Supply Effects on Price Discovery and Pricing Choice for Fed Cattle

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    Price discovery research related to fed cattle has involved data covering a relatively small portion of the longer cattle cycle. Thus, research has not explicitly addressed the impacts alternative supply conditions have on price discovery. Additionally, little research has addressed the pricing choices for fed cattle marketing or procurement. In research reported here using data from an experimental market, the Fed Cattle Market Simulator, models were estimated that encompassed live weight, dressed weight, and grid pricing under alternative supply scenarios, specifically a larger supply and smaller supply period. Variables explaining fed cattle price variation differed somewhat between the two supply periods. For the two periods combined, results were nearly as theoretically expected. One consistent finding was that higher quality fed cattle marketed with a grid brought higher prices in both supply periods. Similarly, some differences were noted in the pricing choice model between the two periods and the combined periods. Another consistent finding was that having lower quality cattle to market increased the probability of marketing them on a live weight basis. Higher quality cattle were more apt to be marketed with a grid.Livestock Production/Industries,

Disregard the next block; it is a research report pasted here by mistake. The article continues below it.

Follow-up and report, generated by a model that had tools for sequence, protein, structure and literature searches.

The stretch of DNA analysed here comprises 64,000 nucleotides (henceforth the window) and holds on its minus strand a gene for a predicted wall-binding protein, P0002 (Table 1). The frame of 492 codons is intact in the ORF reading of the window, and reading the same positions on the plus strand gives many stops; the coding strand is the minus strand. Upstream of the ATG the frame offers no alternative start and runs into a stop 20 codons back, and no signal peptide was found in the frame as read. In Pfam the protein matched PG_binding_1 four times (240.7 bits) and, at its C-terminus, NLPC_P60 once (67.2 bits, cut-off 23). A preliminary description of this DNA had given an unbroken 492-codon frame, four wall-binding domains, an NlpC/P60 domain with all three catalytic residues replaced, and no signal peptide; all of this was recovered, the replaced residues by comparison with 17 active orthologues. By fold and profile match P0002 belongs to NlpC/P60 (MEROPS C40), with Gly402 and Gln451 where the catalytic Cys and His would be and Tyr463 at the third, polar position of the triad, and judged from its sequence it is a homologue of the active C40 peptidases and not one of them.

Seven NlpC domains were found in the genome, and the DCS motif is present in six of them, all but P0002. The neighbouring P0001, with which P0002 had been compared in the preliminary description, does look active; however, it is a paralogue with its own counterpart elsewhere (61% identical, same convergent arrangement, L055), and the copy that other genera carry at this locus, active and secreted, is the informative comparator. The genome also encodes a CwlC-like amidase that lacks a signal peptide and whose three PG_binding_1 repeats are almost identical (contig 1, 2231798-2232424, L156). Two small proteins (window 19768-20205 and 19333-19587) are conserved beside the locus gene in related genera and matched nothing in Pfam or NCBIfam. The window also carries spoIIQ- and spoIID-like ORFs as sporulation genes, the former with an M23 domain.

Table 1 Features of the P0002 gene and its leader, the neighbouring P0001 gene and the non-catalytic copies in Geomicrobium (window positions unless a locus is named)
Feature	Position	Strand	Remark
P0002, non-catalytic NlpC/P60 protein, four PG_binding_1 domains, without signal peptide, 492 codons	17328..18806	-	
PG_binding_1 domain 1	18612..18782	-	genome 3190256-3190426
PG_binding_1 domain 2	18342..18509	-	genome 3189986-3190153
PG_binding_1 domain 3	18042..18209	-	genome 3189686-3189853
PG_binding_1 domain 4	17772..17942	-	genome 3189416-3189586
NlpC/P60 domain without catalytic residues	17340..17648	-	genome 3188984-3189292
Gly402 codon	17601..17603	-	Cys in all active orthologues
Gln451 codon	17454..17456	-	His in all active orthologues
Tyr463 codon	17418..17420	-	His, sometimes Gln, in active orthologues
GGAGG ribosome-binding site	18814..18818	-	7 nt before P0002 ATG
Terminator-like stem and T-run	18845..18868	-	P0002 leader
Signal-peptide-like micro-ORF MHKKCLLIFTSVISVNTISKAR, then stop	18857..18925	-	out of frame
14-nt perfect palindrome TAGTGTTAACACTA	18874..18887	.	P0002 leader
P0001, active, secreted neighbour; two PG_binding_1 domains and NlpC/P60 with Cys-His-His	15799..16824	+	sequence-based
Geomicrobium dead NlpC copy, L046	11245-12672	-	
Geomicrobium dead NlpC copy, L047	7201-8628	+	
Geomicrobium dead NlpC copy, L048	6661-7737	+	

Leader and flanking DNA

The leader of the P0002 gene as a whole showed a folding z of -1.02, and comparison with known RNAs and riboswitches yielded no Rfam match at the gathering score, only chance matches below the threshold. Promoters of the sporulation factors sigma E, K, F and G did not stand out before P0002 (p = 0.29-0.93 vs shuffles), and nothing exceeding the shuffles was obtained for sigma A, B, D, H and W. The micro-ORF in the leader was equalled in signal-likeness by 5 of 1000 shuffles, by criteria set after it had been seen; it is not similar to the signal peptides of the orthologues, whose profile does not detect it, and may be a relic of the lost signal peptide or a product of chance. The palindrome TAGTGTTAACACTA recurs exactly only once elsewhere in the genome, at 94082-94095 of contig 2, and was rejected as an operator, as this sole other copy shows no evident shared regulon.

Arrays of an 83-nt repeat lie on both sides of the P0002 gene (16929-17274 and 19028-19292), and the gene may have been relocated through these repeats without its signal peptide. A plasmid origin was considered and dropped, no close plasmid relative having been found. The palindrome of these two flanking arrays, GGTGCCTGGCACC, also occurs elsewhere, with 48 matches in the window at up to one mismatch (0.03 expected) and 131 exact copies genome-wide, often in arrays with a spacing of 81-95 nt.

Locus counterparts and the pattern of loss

RELATIONSHIP BETWEEN FED CATTLE MARKET SHARES AND PRICES PAID BY BEEFPACKERS IN LOCALIZED MARKETS

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    Industrial organization theory hypothesizes that larger beefpackers can depress prices paid for cattle. Prices paid between at least two beefpackers in some localized markets studies were found to be significantly different for the one-month study period. However, larger beefpackers in each market paid neither lower or higher prices than the smallest buyer, with just one exception. No significant relationship was found between market shares of buyers and average prices paid for cattle. Thus, the hypothesis that larger beefpackers pay significantly lower prices was rejected.Livestock Production/Industries,

    Feedlot and Packer Pricing Behavior: Implications for Competition Research

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    Seldom are observed losing bids available in industry data. A special workshop of the Fed Cattle Market Simulator was designed to capture bids for each pen of cattle traded. Data enabled identifying buyer and seller behavior in the price discovery process, both before and after imposed mergers of the two largest and two smallest packer teams. Highest losing bids also were estimated with packer bid functions and compared with observed highest losing bids. An estimated price discovery model indicated market structure as measured by number of buyers was more important than simply the number of bids or size of transactions.Buyer behavior, Competition, Fed cattle, Marketing, Pricing, Seller behavior, Livestock Production/Industries,